Date: Dec 28, 2012 10:41 PM
Author: Graham Cooper
Subject: Re: The Diagonal Argument

On Dec 29, 11:26 am, Virgil <vir...@ligriv.com> wrote:
> In article
>  Graham Cooper <grahamcoop...@gmail.com> wrote:
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> > On Dec 28, 7:18 pm, Virgil <vir...@ligriv.com> wrote:
> > > In article
> > >  Graham Cooper <grahamcoop...@gmail.com> wrote:

>
> > > > Then you agree
>
> > > > 0. T(1,2) T(2,1) T(3,3) T(4,4) T(5,5) T(6,6) ...
>
> > > > is potentially ON THE LIST L!
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> > > But, if T(n,n) is as I previously defined it,
> > > 0. T(1,1) T(2,2) T(3,3) T(4,4) T(5,5) T(6,6) ...
> > > is not even potentially on it.

>
> > HERE IS L
>
> > L(x,y)
> >  +---------------->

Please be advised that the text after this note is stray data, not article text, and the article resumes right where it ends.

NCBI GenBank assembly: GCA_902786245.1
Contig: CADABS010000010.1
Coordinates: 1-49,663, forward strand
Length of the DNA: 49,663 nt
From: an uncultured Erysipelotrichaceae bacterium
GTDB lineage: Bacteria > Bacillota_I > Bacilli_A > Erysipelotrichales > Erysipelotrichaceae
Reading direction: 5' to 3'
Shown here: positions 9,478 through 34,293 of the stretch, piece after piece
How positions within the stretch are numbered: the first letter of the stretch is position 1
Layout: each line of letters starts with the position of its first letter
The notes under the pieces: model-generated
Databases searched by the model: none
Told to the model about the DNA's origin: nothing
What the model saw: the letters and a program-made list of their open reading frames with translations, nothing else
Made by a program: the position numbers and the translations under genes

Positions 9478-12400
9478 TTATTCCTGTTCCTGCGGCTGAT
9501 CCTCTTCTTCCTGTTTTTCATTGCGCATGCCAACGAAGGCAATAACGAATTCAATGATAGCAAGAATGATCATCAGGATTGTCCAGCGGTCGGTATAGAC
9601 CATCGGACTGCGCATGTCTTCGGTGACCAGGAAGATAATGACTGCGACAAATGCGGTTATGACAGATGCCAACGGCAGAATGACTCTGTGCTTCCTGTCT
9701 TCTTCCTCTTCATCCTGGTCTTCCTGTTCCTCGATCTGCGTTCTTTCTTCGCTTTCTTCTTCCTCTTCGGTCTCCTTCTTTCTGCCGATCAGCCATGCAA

> >  | 0. 2 3 4 5 6 7 ..
> >  | 0. 9 8 7 6 5 5 ..
> >  | 0. 1 2 3 1 2 3 ..
> >  | 0. 9 8 9 8 9 8 ..
> >  | 0. 6 5 6 5 6 5 ..
> >  | 0. 5 6 5 6 5 6 ..
> >  |
> >  v

>
> > HERE IS T
>
> > T(x,y)
> >  +---------------->
> >  | 0. 6 6 6 6 5 5 ..
> >  | 0. 5 5 5 5 6 6 ..
> >  | 0. 6 6 6 6 6 6 ..
> >  | 0. 5 5 5 5 5 5 ..
> >  | 0. 5 6 5 6 5 6 ..
> >  | 0. 6 5 6 5 6 5 ..
> >  |
> >  v

>
>  That is not my "T".
>
> My "T(x,y)" gives a single row:
>
>     0. 6 5 6 5 5 5 ... ..
>

That's the D I A G O N A L of T !